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New studies reveal that a learned compensatory response can trigger "drug tolerance," a physiological process central to addiction. Drug tolerance makes people need more and more drug to get the same effect, whether pain relief or a "high." Its newly discovered psychological aspect -- in which a drug-predictive cue primes the body to react "as if" the drug effect is imminent -- might be used to treat addiction more effectively. In short, if drug tolerance can be learned, there is a chance it can be unlearned, reducing or eliminating the tolerance-related cravings and other withdrawal symptoms that can lead addicts to relapse.
The findings appear in the July issue of the Journal of Experimental Psychology: Animal Behavior Processes, which is published by the American Psychological Association (APA). This study used rats, but addiction researchers frequently generalize from rats to humans because "rats, like humans, can become dependent on addictive drugs, and display drug tolerance and drug withdrawal symptoms," says co-author Shepard Siegel, Ph.D., of McMaster University in Hamilton, Ontario.
Researchers had already shown that the drug tolerance of rats getting morphine infusions depended on the presence of environmental cues (sights or sounds paired with drugs). These external cues typically have been used because they are easily controlled by the experimenter. The new findings demonstrate there also are internal cues not controlled by the researchers -- the early bodily sensations that the drug itself surreptitiously provides.
In their July article, Siegel, with Marta Sokolowska, a graduate student at McMaster University, and Joseph A. Kim, Ph.D., of the University of California, San Francisco, explain how they built on these earlier findings to add a psychological layer to drug tolerance's already known physiological layer.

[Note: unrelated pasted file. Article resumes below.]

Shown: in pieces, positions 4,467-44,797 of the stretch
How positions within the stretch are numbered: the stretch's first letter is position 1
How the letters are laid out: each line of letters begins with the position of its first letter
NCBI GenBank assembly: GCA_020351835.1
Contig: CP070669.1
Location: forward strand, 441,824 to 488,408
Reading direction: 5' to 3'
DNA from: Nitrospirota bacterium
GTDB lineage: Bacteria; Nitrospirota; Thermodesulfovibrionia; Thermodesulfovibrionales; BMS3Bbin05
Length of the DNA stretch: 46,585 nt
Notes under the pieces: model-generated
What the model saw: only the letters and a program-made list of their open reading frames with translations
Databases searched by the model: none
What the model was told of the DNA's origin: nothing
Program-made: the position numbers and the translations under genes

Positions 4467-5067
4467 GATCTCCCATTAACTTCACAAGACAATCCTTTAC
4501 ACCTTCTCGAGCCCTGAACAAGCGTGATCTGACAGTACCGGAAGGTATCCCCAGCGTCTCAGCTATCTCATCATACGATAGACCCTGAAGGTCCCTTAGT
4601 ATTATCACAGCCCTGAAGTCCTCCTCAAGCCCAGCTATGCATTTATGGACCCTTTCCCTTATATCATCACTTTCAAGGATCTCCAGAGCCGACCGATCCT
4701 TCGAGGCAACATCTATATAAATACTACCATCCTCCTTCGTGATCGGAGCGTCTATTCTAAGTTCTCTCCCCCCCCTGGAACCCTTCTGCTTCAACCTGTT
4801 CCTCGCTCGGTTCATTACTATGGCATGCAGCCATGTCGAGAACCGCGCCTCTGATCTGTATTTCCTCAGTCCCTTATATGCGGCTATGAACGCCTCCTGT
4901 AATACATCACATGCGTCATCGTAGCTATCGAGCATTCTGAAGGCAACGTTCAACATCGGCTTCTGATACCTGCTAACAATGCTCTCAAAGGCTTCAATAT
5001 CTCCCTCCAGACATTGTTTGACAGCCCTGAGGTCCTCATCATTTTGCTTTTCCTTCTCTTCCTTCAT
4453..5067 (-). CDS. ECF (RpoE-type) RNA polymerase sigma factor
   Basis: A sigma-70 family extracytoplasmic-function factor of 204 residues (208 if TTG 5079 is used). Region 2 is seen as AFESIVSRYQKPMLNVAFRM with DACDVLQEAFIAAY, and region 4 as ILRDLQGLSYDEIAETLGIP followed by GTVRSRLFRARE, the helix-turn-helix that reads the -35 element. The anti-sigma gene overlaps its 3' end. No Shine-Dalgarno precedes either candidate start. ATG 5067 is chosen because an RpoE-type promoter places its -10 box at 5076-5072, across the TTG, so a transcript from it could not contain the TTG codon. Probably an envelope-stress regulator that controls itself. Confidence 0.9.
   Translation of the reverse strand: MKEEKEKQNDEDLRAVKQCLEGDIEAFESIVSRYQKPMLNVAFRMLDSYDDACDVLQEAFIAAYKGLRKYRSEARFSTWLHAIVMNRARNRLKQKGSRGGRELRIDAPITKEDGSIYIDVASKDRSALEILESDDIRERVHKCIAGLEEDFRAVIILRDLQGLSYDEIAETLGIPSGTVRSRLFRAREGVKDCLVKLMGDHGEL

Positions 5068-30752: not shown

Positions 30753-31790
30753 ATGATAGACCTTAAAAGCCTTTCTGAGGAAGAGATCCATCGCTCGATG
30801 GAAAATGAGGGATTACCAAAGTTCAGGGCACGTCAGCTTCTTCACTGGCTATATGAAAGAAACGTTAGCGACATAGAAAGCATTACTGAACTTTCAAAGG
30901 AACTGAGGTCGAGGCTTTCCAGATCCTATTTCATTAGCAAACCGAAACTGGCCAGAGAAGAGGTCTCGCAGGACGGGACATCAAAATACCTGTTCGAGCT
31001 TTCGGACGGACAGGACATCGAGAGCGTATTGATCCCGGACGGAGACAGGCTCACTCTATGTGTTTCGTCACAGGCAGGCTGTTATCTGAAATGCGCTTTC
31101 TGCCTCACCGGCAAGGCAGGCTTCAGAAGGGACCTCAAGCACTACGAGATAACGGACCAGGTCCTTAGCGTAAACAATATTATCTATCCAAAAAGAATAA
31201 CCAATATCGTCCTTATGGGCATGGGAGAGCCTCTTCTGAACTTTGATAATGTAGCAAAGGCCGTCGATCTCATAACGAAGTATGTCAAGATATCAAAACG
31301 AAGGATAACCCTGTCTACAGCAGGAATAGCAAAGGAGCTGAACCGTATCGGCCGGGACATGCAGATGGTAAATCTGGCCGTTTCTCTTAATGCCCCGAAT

In the lab, the researchers first infused rats with morphine over several days, causing them to develop tolerance to the analgesic (pain-relieving) effect of the opiate. Following each infusion, it takes some minutes for the peak effect of a drug to occur. However, rats experience the early effects of the drug ("drug onset cues") prior to the peak effect. The researchers hypothesized that every administration constituted a learning trial that inevitably paired drug onset cues with the peak effect of the drug, thus allowing the rats to associate the early effect of the drug with the later, larger effect.
After a number of morphine infusions, the researchers gave the rats a very small dose of morphine (a "probe dose"). The probe dose was only about 10 percent of the larger dose that previously had been given repeatedly to induce tolerance. This probe dose usually is too small to have any effect, but, in rats that had prior experience with larger infusions of morphine, it replicated the drug onset cue - - a cue that previously had occurred shortly before the drug's peak effect. These rats who had received larger hits of morphine compensated, in the presence of the small dose, by becoming more sensitive to pain (a hyperalgesic response). They flicked their tails more quickly out of a warm-water bath, a common way to test rats' pain sensitivity.